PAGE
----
More than 800 scientists from outside of Canada have signed an open letter to Prime Minister Stephen Harper calling for an end to funding cuts to the country's science programs.

The letter, which was released Tuesday by the U.S.-based Union of Concerned Scientists and the Professional Institute of the Public Service of Canada (PIPSC), also calls on the government to remove barriers so that government scientists are able to freely collaborate internationally to help fight major environmental and health threats.

"Meeting today's complex environmental and public health challenges requires the full participation of scientists around the globe," the letter reads. "But recent reports highlight a rapid decline in freedoms and funding extended to Canadian government scientists, which make it more difficult for them to continue research, communicate scientific information and expertise, and collaborate internationally."

The letter makes reference to a New York Times editorial published in 2013, which described the alleged communications restrictions put on Canadian government scientists as an "attempt to guarantee public ignorance" on the environmental impact of Alberta's oil sands.

The scientists who signed the letter come from research institutes and universities from 32 different countries. They include researchers from Harvard Medical School, Google and the Max Planck Institute in Germany.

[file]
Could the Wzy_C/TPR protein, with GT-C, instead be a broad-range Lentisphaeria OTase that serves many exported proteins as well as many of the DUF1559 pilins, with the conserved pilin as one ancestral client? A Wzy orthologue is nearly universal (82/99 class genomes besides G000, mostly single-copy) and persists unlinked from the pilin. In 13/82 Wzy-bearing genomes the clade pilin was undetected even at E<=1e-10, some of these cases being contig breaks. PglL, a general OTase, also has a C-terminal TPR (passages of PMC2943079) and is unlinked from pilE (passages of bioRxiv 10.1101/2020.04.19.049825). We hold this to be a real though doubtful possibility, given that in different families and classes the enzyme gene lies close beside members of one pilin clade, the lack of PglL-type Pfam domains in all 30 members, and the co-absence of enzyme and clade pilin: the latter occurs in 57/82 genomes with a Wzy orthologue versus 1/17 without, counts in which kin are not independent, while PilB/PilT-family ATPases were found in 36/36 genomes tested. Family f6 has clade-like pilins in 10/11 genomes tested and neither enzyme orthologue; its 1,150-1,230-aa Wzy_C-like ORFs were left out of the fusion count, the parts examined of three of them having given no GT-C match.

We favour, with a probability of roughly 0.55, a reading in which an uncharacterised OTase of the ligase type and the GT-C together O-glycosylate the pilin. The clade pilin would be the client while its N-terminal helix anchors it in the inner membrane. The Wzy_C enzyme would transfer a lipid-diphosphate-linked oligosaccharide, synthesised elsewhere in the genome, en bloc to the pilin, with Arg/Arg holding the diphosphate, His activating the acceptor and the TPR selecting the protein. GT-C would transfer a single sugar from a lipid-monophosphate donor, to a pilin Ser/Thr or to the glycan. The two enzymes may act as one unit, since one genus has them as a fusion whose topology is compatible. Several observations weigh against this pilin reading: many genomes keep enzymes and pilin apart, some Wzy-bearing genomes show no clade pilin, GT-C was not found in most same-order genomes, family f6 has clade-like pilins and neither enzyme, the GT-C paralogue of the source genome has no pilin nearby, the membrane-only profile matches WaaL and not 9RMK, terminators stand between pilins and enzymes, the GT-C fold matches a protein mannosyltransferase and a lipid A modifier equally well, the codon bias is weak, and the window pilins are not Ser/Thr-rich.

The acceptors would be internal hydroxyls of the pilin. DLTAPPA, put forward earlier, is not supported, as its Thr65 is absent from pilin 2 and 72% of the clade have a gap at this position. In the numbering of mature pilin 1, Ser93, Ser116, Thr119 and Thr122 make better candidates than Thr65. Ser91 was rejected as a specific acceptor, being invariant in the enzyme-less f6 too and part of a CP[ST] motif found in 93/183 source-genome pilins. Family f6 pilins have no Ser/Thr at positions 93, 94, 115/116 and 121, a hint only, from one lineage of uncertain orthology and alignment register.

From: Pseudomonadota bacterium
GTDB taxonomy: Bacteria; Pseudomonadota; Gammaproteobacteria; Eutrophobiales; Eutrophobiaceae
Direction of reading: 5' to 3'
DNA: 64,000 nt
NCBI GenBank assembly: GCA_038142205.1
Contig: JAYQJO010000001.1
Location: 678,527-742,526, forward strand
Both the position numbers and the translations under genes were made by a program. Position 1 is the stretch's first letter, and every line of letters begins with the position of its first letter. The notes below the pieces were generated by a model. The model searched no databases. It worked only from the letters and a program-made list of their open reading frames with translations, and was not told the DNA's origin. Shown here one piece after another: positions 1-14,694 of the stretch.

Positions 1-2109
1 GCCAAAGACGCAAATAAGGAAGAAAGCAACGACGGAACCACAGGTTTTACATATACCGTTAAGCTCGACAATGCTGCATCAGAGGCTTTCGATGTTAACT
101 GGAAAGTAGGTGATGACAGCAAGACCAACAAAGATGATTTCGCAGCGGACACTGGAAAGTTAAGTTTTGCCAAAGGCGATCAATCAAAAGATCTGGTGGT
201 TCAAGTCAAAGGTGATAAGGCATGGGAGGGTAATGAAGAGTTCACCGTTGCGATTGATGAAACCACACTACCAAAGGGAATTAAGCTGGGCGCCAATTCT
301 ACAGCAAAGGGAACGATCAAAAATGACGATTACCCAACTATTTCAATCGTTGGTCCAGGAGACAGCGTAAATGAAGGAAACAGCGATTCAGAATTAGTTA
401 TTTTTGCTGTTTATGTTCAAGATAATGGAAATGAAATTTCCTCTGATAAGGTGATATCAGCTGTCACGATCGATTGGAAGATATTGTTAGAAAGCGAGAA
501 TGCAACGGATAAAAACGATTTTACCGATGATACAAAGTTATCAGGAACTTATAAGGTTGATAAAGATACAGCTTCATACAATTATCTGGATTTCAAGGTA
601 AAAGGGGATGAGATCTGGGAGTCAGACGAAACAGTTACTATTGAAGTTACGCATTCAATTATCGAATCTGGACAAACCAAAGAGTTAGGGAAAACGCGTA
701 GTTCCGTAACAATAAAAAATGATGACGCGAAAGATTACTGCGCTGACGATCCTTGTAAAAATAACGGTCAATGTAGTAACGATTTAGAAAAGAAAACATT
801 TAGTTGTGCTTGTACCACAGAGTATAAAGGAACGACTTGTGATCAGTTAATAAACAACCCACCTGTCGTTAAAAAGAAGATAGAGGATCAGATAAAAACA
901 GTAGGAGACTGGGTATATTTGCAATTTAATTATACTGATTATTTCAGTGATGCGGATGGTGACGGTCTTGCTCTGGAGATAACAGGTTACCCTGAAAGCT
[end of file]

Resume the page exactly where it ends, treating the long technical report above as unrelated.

The letter was brought up Tuesday afternoon in the House of Commons during daily question period.

“The government can no longer deny that by cutting science budgets and muzzling Canadian scientists, they are damaging Canada’s international reputation,” said New Democrat MP Lauren Liu. “Will the government finally wake up and stop treating scientists like enemies?”

Ed Holder, minister of state for science and technology, responded by saying the Conservative government has made “record investments” in science, technology and innovation. He said that Canada is ranked first in the G7 for research and development at our colleges, universities and other institutions.

“Our government has invested $1.5 billion of new money for the creation of the Canada First Research Excellence Fund, which allows institutions to leverage world-class strengths into world-leading research that will create long-term benefits for Canada,” Holder said.

Two PIPSC reports released in 2013 shed light on how federal government scientists feel about funding cuts and the new restrictions they face at work.

The reports shared the results from a survey of over 4,000 government scientists. The survey found that 90 per cent of federal scientists don't feel that they can speak freely to the media about their research, and 91 per cent believe funding cuts are negatively impacting the government's ability to serve the public interest. 

The survey also found that 36 per cent of federal scientists are approved to attend international conferences on their field of research.

The release of Tuesday's letter coincides with the federal government's Science and Technology week, and is being accompanied by an advertising campaign that stresses the importance of increased international scientific collaboration.